Biotin-Triggered Release of Poly(ethylene glycol)−Avidin from Biotinylated Polyethylenimine Enhances in Vitro Gene Expression
journal contributionposted on 16.05.2007, 00:00 by May P. Xiong, M. Laird Forrest, Angela L. Karls, Glen S. Kwon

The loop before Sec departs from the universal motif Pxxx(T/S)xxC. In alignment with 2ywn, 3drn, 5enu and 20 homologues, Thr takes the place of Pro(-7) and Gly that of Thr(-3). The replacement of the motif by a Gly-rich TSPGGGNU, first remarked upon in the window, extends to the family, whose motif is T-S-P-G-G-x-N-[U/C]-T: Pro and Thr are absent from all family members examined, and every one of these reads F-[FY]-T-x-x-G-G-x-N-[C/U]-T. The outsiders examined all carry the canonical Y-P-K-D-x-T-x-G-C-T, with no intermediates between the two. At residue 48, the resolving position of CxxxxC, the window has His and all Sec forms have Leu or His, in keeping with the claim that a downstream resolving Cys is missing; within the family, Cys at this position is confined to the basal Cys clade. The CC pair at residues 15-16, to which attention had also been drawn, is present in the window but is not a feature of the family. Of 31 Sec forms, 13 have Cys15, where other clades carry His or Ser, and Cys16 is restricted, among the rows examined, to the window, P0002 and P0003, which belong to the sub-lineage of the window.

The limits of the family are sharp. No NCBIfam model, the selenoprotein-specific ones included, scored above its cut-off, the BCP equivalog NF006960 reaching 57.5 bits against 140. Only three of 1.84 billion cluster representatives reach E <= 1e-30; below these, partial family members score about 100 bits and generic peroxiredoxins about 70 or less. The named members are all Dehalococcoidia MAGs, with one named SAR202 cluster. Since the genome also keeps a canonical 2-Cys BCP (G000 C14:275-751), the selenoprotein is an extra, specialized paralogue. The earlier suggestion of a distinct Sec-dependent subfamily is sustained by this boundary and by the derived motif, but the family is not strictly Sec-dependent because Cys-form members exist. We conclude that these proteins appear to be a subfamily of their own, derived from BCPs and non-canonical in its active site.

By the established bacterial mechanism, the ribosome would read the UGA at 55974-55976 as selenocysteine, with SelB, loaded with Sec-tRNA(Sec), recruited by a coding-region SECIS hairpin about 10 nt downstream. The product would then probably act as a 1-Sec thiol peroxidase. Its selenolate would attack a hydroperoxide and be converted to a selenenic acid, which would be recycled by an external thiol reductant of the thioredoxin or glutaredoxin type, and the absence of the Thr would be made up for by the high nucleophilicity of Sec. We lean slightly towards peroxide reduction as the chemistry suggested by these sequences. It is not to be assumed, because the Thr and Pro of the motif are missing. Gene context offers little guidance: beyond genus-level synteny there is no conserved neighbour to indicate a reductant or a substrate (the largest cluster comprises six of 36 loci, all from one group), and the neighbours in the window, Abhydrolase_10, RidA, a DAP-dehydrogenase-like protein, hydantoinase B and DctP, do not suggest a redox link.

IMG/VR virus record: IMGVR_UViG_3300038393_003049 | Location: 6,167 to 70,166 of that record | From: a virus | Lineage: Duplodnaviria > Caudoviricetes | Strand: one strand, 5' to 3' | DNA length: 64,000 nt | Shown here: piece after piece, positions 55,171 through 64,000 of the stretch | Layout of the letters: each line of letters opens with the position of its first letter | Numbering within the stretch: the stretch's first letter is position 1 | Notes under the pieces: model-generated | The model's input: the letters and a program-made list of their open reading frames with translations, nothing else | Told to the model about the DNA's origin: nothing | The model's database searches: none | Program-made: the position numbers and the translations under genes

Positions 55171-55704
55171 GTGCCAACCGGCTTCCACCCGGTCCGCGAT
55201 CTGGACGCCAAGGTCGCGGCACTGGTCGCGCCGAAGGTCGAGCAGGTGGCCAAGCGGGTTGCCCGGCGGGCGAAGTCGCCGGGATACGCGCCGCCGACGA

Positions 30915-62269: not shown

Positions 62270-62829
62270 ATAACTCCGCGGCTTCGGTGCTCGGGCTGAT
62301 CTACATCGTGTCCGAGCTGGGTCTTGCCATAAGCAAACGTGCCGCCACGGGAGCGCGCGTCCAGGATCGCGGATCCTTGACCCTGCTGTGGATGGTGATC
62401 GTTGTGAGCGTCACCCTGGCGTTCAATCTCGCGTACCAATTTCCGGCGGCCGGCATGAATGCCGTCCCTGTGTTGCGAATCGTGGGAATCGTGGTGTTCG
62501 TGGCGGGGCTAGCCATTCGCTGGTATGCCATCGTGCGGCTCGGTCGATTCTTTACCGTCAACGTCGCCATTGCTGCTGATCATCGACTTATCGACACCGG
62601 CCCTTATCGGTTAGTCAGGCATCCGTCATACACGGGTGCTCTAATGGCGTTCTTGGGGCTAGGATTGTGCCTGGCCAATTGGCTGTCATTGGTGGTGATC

Covalently poly(ethylene glycol) (PEG)-ylated polyethylenimine (PEI)/pDNA complexes display prolonged blood circulation profiles compared with PEI/pDNA complexes, but such PEGylated particles may not be suitable for tumor targeting due to low interaction with cell membranes, low internalization, and low gene expression. Noncovalent PEGylation of cationic particles via PEG−avidin/biotin−PEI is an attempt to bridge the gap between the positive attributes of PEG (prolonged particle circulation) and the positive attributes of nontoxic cationic polymers (enhanced cell interactions) for greater gene expression. Our polymer, 2PEG−avidin/biotin−PEI8, forms salt-stable particles (∼100 nm) under physiologic conditions with a minimum of two 2PEG−avidin molecules bound per polymer chain (biotin−PEI8, 8 biotins/PEI). Following 10 days of incubation with 3000-fold excess biotin, 2PEG−avidin completely dissociated from biotin−PEI8, and gene expression was increased 2.1−32-fold in various cell lines when the desirable transfection feature of the cationic polymer was retained. This new PEGylation approach has implications for generally improving the clinical aspect of gene delivery via a two-step therapeutic strategy: (1) intravenous injection of noncovalent PEG−avidin/biotin−polycation nanoparticles for prolonged circulation, followed by (2) temporal release of PEG−avidin from biotin−polycation through either endogenous biotin or intravenous injection of biotin.